The project provided funding for participation in a total of four rocket flights, all launched from the Norwegian Andøya Space Center. The launch of two sounding rockets each in two campaigns, was foreseen, namely WADIS (with participants from Germany, Sweden and Austria) and CHAMPS (USA, Austria). The flights took place between 2011 and 2015. .
Electron Scavenging in the Mesosphere FWF Project 23100 The project provided funding for participation in a total of four rocket flights, all launched from the Norwegian Andøya Space Center. The launch of two sounding rockets each in two campaigns, was foreseen, namely WADIS (with participants from Germany, Sweden and Austria) and CHAMPS (USA, Austria). The flights took place between 2011 and 2015.
The free electrons in the ionosphere are formed by ionisation by various processes such as by solar UV, solar X-rays, cosmic rays or energetic particles originating in the solar wind. The reverse reaction which limits the fraction of the atmosphere which is ionised, is either recombination by which the original neutral molecules are restored, or attachment to neutrals, including aerosols. These negatively charged particles thus formed in a further stage recombine with positive ions and lead to the original neutral atmosphere or indeed produce atmospheric trace constituents. The attachment process of electrons to the most abundant atmospheric constituents is fairly well understood from laboratory measurements, but observations in the real atmosphere show that the attachment of electrons ("scavenging") varies much more than could reasonably be expected due to any uncertainty of the laboratory data or the assumptions made concerning the background atmosphere. The most likely explanation for this large scatter is that attachment of free electrons does not only occur with molecules, but - notably in the mesosphere - with ablated meteorites which are theoretically expected and experimentally known to abound at these altitudes, but whose number density varies erratically. Most of the hitherto available data concerning night-time electron scavenging were obtained from rocket flights without associated measurements of parameters expected to be relevant to test the concept of electron attachment to meteoric smoke particles. Four sounding rockets were launched in three campaigns carrying instruments that are very relevant to test the hypotheses by which night-time electron loss in the mesosphere can be explained. The prime goals of these campaigns was to study the dynamics and energy balance of the mesosphere, and to establish the size and height distribution of meteoric dust particles. The inclusion of the Austrian plasma diagnostic instruments in these four payloads is mutually beneficial, i.e. on the one hand crucial for the prime objectives of the two payload types, and on the other hand the data on atomic oxygen, solar Lyman-α flux and meteor dust distribution contribute importantly towards the understanding the highly variable loss of free electrons.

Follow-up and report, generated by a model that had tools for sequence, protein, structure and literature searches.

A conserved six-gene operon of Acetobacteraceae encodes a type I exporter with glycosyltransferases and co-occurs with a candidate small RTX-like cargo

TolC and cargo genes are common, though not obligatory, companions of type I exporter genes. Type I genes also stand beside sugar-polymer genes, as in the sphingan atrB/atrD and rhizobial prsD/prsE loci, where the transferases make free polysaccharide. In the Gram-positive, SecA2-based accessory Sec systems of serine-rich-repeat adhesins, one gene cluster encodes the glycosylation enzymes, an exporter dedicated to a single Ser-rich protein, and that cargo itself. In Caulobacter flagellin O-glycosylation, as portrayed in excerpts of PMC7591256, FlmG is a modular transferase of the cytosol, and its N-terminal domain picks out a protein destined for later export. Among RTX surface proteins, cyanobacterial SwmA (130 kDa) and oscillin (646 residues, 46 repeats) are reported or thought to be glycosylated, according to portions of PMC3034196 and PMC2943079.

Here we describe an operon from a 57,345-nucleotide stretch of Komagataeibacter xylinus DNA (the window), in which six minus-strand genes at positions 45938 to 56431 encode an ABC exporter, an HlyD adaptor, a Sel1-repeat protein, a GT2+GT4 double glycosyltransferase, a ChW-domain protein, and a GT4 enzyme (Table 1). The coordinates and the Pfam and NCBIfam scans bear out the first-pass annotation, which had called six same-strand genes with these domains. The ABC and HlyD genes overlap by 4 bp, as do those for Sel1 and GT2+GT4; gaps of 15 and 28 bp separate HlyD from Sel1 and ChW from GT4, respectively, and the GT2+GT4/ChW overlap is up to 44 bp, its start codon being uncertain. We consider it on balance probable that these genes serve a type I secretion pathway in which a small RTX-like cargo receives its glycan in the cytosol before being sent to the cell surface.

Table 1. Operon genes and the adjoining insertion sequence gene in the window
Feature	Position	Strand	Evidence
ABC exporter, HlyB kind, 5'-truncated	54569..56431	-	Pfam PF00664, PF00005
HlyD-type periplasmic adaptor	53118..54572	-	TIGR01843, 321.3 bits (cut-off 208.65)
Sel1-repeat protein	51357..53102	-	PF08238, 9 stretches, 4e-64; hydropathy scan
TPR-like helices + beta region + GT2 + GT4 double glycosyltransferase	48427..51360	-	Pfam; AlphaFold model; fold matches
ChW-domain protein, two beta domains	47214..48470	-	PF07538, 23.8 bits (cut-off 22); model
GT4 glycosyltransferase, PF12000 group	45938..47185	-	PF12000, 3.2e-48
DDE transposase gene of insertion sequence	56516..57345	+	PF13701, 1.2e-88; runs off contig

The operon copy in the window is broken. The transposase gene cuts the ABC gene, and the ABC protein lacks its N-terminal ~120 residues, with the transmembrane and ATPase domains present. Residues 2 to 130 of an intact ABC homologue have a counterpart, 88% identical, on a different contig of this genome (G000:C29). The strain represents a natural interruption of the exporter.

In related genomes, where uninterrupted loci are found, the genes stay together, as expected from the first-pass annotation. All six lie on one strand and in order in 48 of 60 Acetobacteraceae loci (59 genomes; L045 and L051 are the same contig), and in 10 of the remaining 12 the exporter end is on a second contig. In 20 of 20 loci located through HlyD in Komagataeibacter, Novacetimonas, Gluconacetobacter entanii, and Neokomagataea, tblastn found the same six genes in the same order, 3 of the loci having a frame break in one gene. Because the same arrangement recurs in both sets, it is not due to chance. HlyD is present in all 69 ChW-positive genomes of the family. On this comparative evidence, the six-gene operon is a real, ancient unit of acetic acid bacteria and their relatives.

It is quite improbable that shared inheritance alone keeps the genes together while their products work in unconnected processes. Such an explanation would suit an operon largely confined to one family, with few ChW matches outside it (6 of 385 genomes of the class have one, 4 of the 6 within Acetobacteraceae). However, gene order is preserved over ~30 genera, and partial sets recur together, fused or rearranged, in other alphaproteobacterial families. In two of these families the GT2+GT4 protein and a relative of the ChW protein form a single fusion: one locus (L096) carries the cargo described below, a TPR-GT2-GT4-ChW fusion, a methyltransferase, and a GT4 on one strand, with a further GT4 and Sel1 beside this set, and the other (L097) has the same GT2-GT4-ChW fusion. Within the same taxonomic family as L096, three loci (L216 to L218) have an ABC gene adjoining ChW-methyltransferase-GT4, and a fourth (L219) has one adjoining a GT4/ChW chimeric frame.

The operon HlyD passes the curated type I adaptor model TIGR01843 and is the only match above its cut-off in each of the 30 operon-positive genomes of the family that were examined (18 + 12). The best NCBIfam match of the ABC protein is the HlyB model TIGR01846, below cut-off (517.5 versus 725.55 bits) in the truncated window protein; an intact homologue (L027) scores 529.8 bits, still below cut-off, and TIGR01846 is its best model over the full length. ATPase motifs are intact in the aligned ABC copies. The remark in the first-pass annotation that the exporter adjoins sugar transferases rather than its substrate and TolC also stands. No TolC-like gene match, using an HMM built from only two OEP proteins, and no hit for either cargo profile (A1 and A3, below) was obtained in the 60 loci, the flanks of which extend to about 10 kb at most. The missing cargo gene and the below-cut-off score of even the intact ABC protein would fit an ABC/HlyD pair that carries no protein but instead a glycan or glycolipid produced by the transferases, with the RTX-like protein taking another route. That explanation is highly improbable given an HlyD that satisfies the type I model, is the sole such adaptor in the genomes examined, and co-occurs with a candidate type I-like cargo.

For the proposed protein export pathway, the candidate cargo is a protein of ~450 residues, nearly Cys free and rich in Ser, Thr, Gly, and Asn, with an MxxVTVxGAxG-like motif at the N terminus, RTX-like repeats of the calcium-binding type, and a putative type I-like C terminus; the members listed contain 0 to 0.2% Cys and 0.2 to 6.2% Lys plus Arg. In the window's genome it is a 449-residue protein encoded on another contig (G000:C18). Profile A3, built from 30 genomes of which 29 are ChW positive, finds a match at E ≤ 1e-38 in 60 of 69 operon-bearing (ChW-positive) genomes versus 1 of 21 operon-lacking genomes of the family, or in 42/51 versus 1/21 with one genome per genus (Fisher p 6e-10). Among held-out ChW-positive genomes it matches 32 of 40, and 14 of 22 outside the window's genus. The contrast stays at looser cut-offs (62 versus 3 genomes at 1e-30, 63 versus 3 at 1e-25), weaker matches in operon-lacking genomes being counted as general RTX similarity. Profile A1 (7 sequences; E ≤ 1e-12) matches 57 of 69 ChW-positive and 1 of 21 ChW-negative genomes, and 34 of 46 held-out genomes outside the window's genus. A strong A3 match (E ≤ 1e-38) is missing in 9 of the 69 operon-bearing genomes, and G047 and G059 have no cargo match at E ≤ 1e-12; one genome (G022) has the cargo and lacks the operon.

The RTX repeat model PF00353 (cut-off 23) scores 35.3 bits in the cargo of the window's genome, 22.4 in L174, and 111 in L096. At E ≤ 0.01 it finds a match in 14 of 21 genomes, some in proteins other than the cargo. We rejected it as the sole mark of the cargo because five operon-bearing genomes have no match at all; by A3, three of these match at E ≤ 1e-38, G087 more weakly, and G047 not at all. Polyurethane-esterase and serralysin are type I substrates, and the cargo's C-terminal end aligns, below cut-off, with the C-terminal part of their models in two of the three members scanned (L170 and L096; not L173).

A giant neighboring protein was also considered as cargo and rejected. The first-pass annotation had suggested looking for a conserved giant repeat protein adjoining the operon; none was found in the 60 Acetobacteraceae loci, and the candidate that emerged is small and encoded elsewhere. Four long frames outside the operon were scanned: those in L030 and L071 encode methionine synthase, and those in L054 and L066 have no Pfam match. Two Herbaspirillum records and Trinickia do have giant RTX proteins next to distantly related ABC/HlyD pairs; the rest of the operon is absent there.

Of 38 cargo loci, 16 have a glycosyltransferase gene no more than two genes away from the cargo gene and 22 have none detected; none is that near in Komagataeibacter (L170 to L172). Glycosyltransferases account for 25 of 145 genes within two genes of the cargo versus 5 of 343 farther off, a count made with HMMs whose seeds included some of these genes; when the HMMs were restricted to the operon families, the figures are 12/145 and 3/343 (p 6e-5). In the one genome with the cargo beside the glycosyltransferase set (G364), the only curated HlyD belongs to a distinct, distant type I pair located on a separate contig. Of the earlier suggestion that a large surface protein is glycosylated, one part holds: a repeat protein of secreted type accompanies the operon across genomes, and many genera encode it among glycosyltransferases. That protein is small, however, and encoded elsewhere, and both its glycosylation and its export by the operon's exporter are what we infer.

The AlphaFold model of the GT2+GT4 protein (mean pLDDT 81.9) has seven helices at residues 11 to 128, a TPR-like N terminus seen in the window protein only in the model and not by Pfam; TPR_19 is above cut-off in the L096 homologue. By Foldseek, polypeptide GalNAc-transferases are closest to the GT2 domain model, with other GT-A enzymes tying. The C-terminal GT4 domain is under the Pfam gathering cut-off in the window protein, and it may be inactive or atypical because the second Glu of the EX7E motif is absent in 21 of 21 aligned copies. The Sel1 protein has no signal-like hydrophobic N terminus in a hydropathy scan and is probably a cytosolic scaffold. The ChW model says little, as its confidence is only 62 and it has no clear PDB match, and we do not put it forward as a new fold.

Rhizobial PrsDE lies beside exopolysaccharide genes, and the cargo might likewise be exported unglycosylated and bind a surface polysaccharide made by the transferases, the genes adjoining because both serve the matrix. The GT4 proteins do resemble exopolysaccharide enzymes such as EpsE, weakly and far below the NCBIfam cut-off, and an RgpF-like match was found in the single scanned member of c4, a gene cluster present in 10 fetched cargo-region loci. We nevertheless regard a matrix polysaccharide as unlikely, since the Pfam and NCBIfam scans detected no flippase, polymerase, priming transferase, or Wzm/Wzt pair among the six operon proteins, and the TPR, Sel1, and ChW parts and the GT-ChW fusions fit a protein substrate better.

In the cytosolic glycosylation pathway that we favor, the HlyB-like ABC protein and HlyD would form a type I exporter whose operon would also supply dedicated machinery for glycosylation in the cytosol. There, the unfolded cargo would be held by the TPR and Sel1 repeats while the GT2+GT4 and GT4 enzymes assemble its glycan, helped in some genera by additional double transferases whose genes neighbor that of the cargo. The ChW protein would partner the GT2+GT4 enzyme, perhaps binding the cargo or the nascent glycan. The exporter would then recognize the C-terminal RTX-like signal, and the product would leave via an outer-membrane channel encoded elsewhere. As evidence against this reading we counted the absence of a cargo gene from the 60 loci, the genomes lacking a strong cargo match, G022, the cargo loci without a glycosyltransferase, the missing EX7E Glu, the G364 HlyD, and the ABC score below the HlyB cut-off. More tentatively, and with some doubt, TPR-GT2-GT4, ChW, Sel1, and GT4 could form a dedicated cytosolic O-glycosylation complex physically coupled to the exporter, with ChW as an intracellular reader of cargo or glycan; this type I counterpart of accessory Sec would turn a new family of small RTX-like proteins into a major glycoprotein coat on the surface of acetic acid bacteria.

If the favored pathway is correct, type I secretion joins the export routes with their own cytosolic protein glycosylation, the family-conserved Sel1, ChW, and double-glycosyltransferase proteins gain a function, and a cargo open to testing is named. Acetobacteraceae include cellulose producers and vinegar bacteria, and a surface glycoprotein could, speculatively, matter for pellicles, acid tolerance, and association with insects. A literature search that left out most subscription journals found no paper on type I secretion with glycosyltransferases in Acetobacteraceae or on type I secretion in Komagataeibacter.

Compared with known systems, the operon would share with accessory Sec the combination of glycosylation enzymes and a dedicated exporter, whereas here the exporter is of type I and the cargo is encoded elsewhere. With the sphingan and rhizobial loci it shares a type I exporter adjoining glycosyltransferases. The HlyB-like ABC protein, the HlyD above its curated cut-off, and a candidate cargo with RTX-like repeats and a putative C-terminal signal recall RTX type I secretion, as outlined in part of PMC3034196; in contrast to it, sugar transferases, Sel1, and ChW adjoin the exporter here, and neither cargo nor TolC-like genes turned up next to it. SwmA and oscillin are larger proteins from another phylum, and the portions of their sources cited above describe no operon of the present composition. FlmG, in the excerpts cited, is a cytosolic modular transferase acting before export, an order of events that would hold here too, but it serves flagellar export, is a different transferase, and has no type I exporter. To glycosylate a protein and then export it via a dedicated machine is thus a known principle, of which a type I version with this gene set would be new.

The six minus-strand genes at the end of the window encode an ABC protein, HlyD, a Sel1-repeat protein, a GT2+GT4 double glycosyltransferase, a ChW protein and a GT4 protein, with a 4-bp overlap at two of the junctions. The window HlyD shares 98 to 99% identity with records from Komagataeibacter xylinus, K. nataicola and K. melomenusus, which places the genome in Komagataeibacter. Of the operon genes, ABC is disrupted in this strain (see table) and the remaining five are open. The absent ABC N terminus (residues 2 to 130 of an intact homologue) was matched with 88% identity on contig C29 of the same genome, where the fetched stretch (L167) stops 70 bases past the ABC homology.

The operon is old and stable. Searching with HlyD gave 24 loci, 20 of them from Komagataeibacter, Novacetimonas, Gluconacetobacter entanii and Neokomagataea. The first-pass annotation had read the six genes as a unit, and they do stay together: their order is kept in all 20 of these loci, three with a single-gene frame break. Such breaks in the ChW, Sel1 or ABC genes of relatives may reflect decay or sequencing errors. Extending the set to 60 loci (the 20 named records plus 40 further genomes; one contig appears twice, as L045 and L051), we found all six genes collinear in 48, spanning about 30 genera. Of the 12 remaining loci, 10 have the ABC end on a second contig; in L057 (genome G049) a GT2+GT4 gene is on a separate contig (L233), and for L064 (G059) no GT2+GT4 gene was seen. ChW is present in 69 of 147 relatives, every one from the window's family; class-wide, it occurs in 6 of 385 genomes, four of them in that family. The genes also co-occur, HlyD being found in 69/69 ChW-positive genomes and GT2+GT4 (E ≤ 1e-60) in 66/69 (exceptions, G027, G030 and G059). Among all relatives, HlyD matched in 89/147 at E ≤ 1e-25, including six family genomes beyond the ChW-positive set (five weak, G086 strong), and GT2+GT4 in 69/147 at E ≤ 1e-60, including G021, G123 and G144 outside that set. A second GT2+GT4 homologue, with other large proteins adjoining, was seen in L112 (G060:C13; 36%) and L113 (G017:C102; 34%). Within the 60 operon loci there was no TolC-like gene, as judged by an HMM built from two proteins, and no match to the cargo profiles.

Two of the four sounding rockets were launched in October 2011 from the Andøya (69°N). The two CHAMPS payloads coded 41.094 and 41.093 were launched by NASA on October 11th and 13th, under night- and day-time conditions, respectively. All instruments performed as expected and preliminary results were presented by the Principal Investigator Dr. S. Robertson during the Fall Meeting of the American Geophysical Union in San Francisco in December of the same year. Three peer-reviewed papers have since been published using the CHAMPS data, but results were also presented at conferences and published in the respective proceedings. Of the two WADIS flights one took place in daylight (June 27th, 2013), the other in full darkness (March 5th, 2015). The results of the various instruments have been processed by the experimenters, but a meeting to plan joint publications is only scheduled for late February 2016.